'It really is just a godsend': Capitol Police welcome peer support dog Lila

A three-year old Labrador named Lila is the newest peer support dog for Capitol Hill.

By Lauren Fox and Kristin Wilson, CNN

(CNN) -- The US Capitol Police has unleashed a special new member to its patrol: a 3-year-old Labrador named Lila.

Since June, Lila has officially served as a peer support dog for the force, an emotional comfort animal who is part of a broader effort to connect officers with resources and support services they may need -- not just in the wake of the January 6 riot at the US Capitol, but also to deal with the stress and the unpredictability of the job.

Already, officers say Lila is making an important impact.

"The peer dogs were something that we saw came in for us after the 6th," said Jeffrey Albanese, a member of the USCP First Responders Unit and an active member in the peer support program. "To have Lila here now and have our own dog. It really is just a godsend."

On January 6, USCP Officer Caroline Edwards was holding the line on the West Front of the US Capitol as hundreds of people came tearing through the barricades where she was standing. From there, it was hours of hand-to-hand combat she describes as nothing short of "a war zone." Edwards suffered a traumatic brain injury and in the subsequent months says she has at times struggled to recover from both the emotional and physical traumas of that day.

But Edwards -- like a lot of her colleagues -- has found that Lila is making a difference.

"She has helped with hard events that we have had. We brought her in for Brian Sicknick's birthday," Edwards said referring to a fallen officer who died after fighting on the West Front just one day after the insurrection. "We brought her to roll call for his shift, and it just kind of helps people forget for a little bit."

Lila is part of a team along with 4-year-old yellow lab Leo intended to not only give officers a smile, a wagging tail and some affection from a pup, but also be a catalyst to start conversations with officers who may be reluctant to outright ask for help or assistance when they are in need.

"She serves a dual role," said her caretaker and wellness coordinator Dimitri Louis. "She helps to lower anxiety and helps with emotional well-being in general, but she also very good at helping us promote some of the other wellness resources that we have available for the department. ... She allows us to go places that we normally otherwise wouldn't go, have conversations that we normally otherwise wouldn't have."

Lila started her life in training with a different purpose, but a weakness for squirrels helped bring her to the Capitol.

"She started off as a seeing eye dog. She went through the training to be a seeing eye dog, but then, kryptonite: Squirrels. And that became an issue," Louis said. "So she went into a different kind of training to be very comfortable with groups, to be comfortable with crowds. Training that made her more suited for what she does right now."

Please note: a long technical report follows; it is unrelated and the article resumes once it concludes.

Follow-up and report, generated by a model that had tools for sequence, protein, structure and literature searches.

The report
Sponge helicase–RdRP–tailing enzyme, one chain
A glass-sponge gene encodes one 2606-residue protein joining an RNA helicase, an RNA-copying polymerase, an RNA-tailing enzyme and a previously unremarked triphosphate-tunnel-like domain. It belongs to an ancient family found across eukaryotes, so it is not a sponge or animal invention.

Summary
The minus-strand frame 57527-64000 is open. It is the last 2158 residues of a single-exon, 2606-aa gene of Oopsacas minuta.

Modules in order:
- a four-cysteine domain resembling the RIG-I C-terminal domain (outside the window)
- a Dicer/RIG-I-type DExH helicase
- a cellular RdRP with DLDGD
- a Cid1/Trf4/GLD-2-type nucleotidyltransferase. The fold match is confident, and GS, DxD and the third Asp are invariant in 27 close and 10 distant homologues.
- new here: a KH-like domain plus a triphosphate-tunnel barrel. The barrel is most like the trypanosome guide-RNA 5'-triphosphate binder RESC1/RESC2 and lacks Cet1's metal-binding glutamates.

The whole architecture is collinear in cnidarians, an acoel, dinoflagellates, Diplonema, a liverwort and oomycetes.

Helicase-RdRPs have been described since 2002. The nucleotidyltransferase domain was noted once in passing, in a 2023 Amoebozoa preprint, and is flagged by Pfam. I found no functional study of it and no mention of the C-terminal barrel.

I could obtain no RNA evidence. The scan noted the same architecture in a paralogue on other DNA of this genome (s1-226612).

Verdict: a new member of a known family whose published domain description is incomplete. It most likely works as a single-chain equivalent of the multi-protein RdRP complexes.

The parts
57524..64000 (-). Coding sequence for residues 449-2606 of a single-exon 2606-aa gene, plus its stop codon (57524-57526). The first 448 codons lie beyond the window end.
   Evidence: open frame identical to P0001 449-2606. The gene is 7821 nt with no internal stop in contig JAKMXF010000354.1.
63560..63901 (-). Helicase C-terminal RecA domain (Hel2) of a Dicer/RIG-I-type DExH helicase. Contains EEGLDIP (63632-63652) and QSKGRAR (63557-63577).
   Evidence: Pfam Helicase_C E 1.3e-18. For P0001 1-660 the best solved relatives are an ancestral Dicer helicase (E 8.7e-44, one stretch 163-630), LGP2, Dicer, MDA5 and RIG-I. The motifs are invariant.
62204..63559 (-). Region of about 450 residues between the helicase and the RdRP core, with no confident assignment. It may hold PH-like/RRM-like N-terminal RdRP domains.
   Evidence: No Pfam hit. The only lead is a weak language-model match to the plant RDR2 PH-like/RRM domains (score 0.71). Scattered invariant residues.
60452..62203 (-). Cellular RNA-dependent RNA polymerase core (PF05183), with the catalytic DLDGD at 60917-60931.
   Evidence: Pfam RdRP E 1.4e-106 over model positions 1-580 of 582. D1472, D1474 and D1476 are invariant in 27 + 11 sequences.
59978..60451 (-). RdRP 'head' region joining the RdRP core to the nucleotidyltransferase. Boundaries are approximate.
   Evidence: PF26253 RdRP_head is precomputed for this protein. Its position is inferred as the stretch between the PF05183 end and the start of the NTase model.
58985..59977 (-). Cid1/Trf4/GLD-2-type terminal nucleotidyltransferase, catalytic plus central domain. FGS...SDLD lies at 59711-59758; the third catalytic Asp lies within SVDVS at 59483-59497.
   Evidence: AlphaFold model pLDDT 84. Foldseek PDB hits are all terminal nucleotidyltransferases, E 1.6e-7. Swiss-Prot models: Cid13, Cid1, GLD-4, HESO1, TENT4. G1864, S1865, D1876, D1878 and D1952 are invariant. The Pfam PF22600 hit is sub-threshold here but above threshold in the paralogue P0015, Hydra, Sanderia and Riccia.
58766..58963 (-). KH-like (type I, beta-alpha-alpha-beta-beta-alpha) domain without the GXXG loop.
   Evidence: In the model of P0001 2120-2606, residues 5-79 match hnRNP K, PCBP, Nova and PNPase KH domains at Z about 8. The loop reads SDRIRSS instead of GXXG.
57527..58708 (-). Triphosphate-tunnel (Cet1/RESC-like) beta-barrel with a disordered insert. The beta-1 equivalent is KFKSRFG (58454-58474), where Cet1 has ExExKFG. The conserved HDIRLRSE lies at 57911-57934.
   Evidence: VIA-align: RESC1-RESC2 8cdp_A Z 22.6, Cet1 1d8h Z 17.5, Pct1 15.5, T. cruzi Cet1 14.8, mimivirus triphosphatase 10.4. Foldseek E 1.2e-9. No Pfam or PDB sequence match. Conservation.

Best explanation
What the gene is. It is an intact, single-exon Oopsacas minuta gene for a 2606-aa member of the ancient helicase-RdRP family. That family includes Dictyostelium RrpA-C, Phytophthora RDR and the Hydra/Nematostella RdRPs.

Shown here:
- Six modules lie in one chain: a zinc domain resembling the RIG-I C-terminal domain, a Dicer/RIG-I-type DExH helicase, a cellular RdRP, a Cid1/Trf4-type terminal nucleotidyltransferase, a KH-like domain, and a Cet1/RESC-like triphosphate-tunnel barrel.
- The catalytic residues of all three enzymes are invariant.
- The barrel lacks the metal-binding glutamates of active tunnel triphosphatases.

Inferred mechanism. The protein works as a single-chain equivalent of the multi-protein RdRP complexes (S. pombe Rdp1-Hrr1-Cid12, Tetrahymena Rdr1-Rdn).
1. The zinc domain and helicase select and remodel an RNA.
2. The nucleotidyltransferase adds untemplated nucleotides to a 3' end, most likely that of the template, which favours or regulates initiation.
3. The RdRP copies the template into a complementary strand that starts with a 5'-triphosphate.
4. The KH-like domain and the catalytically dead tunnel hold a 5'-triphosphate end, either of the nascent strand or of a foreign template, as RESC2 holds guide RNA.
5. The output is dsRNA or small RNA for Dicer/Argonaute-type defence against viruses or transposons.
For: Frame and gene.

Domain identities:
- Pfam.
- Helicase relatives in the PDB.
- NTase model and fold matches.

Support dogs have played an increasingly vital role on Capitol Hill since January even before Lila and Leo became official members of the team. In April, just as the Capitol complex was beginning to recover from the events in January, Officer William "Billy" Evans, an 18-year veteran of the Capitol police force, was killed in the line of duty when a vehicle rammed a barricade outside the US Senate. After his memorial service, several support dogs including Officer Clarence, a St. Bernard, were dispatched to help comfort officers and the entirety of the Capitol Hill community.

"They had dozens of support dogs there that day and they were just going through the line and for a moment, you weren't at another officer's funeral, you were petting a dog," Edwards said. "To me, that's been the most significant thing having them there at those events like that just helps to ease the sadness, and it makes you think of something good."

For now, Lila is largely dispatched by appointments and when the force anticipates there will be a need, but officers say Lila may also become a resource for other departments in crisis too, a way to pay it forward for the support that USCP received in the wake of January 6.

"We've all had bad days," Albanese said. "The minute a dog walks into a room, even for a minute, you kind of forget about it."

Lila is also just a part of the larger effort on Capitol Hill to give officers more support. Since January 6, the job has become more difficult, and officers have worked to build out a peer support program to address some of the challenges officers face day to day.

"The inspiration came from other programs after the 6th and how they came and helped us," Albanese said. "Somehow we have to find a way to pay it forward to these groups who were here for us."

As for Lila, she's continues to earn glowing reviews.

"The therapy dogs provide an additional opportunity for people to reach out to dogs, to other member of Congress," Pennsylvania Democratic Rep. Mary Gay Scanlon told CNN. "I know there is bipartisan support for therapy dogs."

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